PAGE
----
Dr Carli Roulston
Dr Roulston commenced research in stroke during her PhD studies at Monash University in 2000 with Professor Bevyn Jarrott. In July 2001,
she was recruited to the Howard Florey Institute with funding from Neuroscience Victoria to establish stroke models for assessing novel
flavonoid compounds for neuroprotection (now NeuProtect). In 2009, she was appointed Team Leader of Stroke at the O’Brien Institute
for Tissue Engineering; where she investigated the role of angiogenesis in stem cell transplant for brain repair (NHMRC #628767). In
2013, she relocated to the Department of Medicine, University of Melbourne, as Team Leader of Neurotrauma Research. Current projects
include; investigating drug treatments that target the neurovascular unit after stroke; and the use of implantable electrodes to monitor
and map brain recovery during electrical stimulation in collaboration with the Bionics Institute.
Caleb's interest in telling stories developed after he joined his local junior theatre society and directed his High School musical when
he was 14 years old. In 2008, Caleb was a cast member of the Australian production of Altar Boyz, and later that year he survived a
major stroke. During his rehabilitation, Caleb assisted on 'The 25th Annual Putnam County Spelling Bee' for Doorstep Ensemble, 'Becky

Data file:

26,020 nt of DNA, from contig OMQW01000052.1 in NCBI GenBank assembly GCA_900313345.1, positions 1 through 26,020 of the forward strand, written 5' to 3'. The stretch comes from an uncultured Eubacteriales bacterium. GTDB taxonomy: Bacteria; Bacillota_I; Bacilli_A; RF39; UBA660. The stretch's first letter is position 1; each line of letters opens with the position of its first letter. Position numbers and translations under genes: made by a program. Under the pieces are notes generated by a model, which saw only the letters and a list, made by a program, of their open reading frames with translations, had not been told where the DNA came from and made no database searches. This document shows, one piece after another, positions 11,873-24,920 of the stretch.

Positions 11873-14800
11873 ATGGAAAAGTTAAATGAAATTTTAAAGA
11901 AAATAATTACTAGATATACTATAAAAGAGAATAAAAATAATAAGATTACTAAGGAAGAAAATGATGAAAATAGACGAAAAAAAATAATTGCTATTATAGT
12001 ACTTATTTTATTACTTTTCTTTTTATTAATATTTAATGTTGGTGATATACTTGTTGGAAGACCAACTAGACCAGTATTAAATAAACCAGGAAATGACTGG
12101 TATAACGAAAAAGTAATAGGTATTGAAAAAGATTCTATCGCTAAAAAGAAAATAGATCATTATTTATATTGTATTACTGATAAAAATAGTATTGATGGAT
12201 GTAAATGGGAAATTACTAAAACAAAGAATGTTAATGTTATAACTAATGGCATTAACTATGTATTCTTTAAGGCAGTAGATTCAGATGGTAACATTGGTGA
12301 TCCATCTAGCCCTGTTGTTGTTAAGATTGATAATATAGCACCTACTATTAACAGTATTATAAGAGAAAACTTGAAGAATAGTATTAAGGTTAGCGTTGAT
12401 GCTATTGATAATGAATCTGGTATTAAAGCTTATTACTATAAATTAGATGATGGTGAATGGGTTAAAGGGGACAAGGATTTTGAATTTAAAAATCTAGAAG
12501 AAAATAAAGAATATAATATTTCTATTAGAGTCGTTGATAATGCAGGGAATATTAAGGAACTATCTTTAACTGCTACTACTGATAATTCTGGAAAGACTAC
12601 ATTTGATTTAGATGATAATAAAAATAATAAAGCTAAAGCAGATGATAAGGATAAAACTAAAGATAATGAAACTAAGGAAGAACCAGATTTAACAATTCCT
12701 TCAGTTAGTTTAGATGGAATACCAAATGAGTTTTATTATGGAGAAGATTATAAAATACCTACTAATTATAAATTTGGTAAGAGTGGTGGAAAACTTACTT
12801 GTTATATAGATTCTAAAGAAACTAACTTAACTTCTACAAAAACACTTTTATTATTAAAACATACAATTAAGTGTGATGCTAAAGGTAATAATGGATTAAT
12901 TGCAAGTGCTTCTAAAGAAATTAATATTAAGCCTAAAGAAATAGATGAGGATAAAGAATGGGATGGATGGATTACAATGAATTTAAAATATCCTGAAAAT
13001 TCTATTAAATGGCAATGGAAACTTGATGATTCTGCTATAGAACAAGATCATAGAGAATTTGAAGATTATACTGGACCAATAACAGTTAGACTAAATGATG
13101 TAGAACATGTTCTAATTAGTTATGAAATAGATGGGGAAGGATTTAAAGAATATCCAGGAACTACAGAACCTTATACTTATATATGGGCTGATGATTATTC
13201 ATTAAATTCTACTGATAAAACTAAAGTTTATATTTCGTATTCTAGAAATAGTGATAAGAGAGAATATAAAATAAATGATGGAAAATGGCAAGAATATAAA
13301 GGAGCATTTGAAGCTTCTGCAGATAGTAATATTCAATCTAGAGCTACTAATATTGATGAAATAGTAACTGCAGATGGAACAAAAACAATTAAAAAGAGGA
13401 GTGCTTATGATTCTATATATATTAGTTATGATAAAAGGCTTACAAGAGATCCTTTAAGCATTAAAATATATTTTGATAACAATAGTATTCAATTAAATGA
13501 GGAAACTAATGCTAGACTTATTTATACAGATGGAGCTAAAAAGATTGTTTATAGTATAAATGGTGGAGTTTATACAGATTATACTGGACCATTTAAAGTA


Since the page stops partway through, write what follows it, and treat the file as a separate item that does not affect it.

Shaw' for Echelon Productions, 'Prodigal' for Bryant and Frank productions and 'Next to Normal' for the Melbourne Theatre Company.
Most recently, Caleb has leveraged his storytelling experience and founded the social enterprise, Genyus Network - a global story sharing
platform for trauma survivors.
Bob is a retired Senior Australian Army Officer and Civil Engineer who for seven years was also CEO of an Aged Care organisation. For many
years, he has served on Community Boards and is a former President of Engineers Australia (Victoria Branch). He is a Rotarian with
the Rotary Club of Kew and is a former District Director of Vocational Service and Assistant Governor in Rotary District 9800. In 2015,
he received a District 9800 PHF for his Life After Stroke program and a RI President Vocational Leadership Award for this and other
Rotary vocational programs he has initiated.
Bob has a driving interest in mentoring and the use of networks to find solutions to difficulties faced by many Stroke Survivors and Carers
seeking to reclaim their previous life. Bob's wife, Ruth, had a stroke in 2006 and they found the process for stroke rehabilitation
far from satisfactory. Based on this experience, Bob has initiated a Rotary mentoring program that through the Stroke Association of
Victoria is being developed to engage the Rotary network and individual contacts and influence, to assist
Stroke Survivors back into meaningful activity, including the workforce where appropriate. Event Proudly Sponsored By: